Proposal for a SAML-WebSSO profile with enhanced privacy

Identity Federations having B2C-type and sometimes other use cases need to prevent the collection of user data across services for privacy and business case reasons. This draft proposes a new SAML profile with improvements in respect to un-traceability, un-linkability and non-disclosure.
[Updated June 15]

What is an Identity Ecosystem?

Abstract: I argue that the metaphor is unclear and violates basic properties of the concrete meaning in biology. The difference between biological ecosystems and economic subsystems is so radical that the metaphor can at best only be used as a source of inspiration, not for conveying clear objectives. The only property that could be reasonably indicated by the metaphor is the aspect of self-organization without a single leader. However, this contradicts the definition of business ecosystem, therefore another term, e.g. Identity Metasystem or Identity Infrastructure, should be searched and deployed.

Requirements for Session Management in Identity Federations & Proposal for Global Idle Timeout (draft)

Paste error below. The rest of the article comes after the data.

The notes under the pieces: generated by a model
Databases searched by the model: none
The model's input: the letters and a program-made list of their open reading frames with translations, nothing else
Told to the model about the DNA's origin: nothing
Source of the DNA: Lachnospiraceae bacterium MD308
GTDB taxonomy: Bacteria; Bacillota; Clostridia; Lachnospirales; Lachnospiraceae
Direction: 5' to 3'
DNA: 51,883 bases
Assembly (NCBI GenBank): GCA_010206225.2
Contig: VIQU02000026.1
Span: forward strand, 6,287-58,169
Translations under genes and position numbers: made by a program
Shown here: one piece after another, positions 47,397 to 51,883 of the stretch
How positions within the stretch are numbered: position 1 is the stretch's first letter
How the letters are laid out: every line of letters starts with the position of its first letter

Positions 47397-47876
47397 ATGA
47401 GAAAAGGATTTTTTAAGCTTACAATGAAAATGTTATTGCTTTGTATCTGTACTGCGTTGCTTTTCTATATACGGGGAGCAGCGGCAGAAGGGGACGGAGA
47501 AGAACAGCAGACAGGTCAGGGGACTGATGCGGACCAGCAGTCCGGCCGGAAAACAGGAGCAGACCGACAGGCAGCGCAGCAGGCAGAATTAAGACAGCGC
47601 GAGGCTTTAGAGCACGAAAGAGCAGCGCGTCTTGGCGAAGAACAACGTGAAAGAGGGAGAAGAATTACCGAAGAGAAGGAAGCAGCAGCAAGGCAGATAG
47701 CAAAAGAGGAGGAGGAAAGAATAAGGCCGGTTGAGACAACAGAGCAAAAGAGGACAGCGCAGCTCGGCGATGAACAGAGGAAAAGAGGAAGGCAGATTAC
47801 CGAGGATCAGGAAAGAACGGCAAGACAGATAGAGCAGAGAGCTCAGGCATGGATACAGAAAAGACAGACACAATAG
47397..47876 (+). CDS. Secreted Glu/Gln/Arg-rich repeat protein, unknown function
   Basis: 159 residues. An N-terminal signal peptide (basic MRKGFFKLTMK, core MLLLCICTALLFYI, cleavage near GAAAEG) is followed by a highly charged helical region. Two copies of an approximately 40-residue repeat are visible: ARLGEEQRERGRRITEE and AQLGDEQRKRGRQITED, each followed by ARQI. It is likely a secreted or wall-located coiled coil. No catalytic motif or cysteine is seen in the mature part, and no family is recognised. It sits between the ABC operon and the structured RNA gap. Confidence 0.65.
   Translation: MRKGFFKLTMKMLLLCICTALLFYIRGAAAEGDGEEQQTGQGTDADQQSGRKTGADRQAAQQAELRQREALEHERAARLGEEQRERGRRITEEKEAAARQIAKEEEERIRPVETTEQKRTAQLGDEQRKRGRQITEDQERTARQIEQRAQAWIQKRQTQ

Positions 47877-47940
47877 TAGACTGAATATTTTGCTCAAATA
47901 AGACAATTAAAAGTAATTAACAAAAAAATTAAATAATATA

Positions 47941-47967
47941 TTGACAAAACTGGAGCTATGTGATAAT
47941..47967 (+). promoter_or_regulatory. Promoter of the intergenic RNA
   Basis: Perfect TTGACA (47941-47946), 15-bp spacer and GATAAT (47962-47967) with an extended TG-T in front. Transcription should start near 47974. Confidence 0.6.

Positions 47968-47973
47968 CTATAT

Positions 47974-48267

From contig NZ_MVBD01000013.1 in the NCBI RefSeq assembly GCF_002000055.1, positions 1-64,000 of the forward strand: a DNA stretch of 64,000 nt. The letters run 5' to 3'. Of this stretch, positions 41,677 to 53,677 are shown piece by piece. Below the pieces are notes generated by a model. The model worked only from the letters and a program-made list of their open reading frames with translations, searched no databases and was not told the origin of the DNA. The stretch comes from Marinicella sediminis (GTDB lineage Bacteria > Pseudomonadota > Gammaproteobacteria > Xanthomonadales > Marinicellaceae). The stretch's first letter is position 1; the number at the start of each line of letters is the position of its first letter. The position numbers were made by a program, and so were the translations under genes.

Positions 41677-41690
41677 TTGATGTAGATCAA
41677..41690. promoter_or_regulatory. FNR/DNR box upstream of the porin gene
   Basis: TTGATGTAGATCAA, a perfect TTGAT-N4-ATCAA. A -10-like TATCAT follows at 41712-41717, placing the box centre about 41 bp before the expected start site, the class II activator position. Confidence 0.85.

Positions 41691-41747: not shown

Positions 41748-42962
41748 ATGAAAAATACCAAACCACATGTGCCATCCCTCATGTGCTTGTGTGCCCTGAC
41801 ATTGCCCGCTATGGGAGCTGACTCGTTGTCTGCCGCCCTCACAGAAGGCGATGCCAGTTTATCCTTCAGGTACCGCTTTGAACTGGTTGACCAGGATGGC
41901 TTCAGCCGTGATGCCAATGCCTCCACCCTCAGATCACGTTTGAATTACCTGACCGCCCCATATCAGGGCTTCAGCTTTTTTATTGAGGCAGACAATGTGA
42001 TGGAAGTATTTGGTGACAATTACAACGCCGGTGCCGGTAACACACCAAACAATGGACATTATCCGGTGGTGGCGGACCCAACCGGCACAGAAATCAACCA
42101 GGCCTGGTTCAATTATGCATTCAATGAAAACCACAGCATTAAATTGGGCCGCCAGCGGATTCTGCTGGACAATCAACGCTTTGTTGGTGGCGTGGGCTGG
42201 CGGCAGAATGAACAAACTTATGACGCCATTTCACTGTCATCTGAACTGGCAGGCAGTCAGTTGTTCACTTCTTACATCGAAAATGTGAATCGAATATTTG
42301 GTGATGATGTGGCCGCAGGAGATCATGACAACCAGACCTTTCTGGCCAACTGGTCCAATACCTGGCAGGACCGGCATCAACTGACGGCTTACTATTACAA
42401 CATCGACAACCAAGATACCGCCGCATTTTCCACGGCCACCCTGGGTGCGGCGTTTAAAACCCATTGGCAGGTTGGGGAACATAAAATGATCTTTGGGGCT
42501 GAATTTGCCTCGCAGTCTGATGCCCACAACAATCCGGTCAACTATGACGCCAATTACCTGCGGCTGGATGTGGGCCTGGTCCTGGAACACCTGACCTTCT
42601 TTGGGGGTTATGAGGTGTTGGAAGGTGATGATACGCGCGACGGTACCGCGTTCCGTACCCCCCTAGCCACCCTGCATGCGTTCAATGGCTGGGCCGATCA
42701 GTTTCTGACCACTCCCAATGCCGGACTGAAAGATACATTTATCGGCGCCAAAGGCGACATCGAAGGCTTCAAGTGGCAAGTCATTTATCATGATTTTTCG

Terminating unused or long-running user sessions is an established security policy. In environments with medium or high security idle timeout, explicit logout and user revocation are mandatory security controls.

In federations a common pattern is that a Service Provider (SP) will create a local session when it consumes an authentication assertion from an IdP. As there is no global session state across the IdP and SPs, some issues arise like:

  • Terminating the IdP-session has no immediate effect for the SPs.

  • Single Logout (SLO) is difficult on both front- and back-channel variants for several

    reasons. The Shibboleth Wiki provides a good overview of the issues with SLO.

  • If short idle-timeouts are required user are requiring to re-authenticate frequently

    because the idle-timers are not reset globally. 

Top problems with PKI, signatures and SSL

To avoid confusion: This article pertains primarily to open PKIs like in web browsers. PKI federations with strict control on policy and profile and implementations manage many of the issues. See also Patrick's comment.